We need a serious delivery plan in place for post-Brexit skills and immigration policy, the Federation of Master Builders (FMB) has said in response to the Migration Advisory Committee’s Interim update.
Commenting on the Migration Advisory Committee’s Interim update, Brian Berry Chief Executive of the FMB, said: “The Migration Advisory Committee’s Interim update has set out the concerns and evidence which construction and a wide range of industries have presented. However, we now need a serious delivery plan in place to make sure it happens. The skills requirements of key sectors such as construction need to be taken into account as the Government begins to shape these policies. The construction industry should be viewed by the Government as a key strategic industry, as without it Ministers will be unable to meet their ambitious plans for the delivery of new homes and infrastructure projects. Currently over 8% of construction workers are from the EU, and in London this rises to a third. Recent FMB research shows that skills shortages across construction are already at a record high, and this will only worsen if poorly thought-through policies lead us off a cliff edge in terms of our access to skilled EU workers.”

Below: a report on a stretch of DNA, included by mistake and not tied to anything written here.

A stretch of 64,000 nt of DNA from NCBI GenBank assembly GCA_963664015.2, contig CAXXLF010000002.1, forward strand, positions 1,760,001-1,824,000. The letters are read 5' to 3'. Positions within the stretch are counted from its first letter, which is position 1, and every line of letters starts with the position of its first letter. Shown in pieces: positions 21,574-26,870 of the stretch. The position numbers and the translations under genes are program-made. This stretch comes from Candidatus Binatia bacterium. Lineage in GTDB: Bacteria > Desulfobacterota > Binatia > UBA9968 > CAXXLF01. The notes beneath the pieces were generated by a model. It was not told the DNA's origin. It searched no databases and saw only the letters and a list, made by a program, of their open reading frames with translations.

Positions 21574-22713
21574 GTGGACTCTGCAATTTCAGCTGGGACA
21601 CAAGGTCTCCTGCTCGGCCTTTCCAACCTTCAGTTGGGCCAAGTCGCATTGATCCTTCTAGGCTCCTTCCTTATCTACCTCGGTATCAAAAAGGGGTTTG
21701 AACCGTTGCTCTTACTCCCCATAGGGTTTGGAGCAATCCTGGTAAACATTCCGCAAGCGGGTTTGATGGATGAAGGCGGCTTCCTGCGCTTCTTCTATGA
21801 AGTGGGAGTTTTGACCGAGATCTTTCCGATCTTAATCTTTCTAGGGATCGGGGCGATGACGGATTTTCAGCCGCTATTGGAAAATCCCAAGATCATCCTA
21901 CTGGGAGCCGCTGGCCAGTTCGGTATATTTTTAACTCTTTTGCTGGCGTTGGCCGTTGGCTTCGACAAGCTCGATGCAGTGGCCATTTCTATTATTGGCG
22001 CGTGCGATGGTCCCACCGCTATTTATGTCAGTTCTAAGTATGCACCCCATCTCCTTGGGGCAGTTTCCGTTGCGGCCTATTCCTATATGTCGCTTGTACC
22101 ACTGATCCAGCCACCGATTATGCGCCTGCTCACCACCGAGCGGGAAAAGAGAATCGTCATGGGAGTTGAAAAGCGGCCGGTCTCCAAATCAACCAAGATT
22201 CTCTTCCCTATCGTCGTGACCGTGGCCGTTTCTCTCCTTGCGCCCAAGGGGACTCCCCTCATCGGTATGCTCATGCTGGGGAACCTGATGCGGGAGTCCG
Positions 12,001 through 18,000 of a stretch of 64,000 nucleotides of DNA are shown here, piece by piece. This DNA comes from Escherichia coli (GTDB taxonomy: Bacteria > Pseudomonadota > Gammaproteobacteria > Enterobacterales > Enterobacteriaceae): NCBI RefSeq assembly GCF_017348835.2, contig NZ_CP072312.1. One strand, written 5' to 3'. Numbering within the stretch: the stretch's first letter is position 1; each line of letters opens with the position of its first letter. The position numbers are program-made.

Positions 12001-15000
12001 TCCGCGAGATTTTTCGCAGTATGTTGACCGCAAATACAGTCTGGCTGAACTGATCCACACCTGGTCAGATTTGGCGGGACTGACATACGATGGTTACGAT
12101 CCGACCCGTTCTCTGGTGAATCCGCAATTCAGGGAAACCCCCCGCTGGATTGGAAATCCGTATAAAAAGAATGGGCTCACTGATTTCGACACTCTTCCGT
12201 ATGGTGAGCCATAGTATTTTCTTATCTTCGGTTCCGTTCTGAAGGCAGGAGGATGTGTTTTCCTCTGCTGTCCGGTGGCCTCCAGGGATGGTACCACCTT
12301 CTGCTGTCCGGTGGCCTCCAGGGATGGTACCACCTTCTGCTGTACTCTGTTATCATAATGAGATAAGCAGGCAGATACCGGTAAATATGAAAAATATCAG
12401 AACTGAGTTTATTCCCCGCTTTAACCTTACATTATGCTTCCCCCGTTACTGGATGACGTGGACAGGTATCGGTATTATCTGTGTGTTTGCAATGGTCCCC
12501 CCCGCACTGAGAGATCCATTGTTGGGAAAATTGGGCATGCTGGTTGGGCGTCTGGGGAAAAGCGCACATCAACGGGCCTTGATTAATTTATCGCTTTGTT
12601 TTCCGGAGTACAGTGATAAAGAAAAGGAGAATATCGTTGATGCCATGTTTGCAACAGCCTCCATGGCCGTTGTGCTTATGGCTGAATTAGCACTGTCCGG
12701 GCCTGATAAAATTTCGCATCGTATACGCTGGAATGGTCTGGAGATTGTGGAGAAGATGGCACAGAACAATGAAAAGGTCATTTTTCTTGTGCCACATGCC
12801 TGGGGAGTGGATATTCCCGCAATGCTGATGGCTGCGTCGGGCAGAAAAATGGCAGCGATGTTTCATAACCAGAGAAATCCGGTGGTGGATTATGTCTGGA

Berry continued: “The recent news that the Government has offered permanent residency for EU nationals arriving during the post-Brexit transition period is a positive step for construction firms across the UK. However, any future migration visa system should be based on key occupations that are in short supply rather than on arbitrary thresholds based on skill levels or income. What’s more, the Government should take into account that the vast majority of the construction workforce are employed by small and micro firms. Asking these firms to sponsor foreign workers is not realistic and will simply not work for this industry. We are still waiting to see what the post-Brexit immigration system will entail, however we need a serious plan in place to ensure we have the right skills and migration policies in place for a post-Brexit Britain.”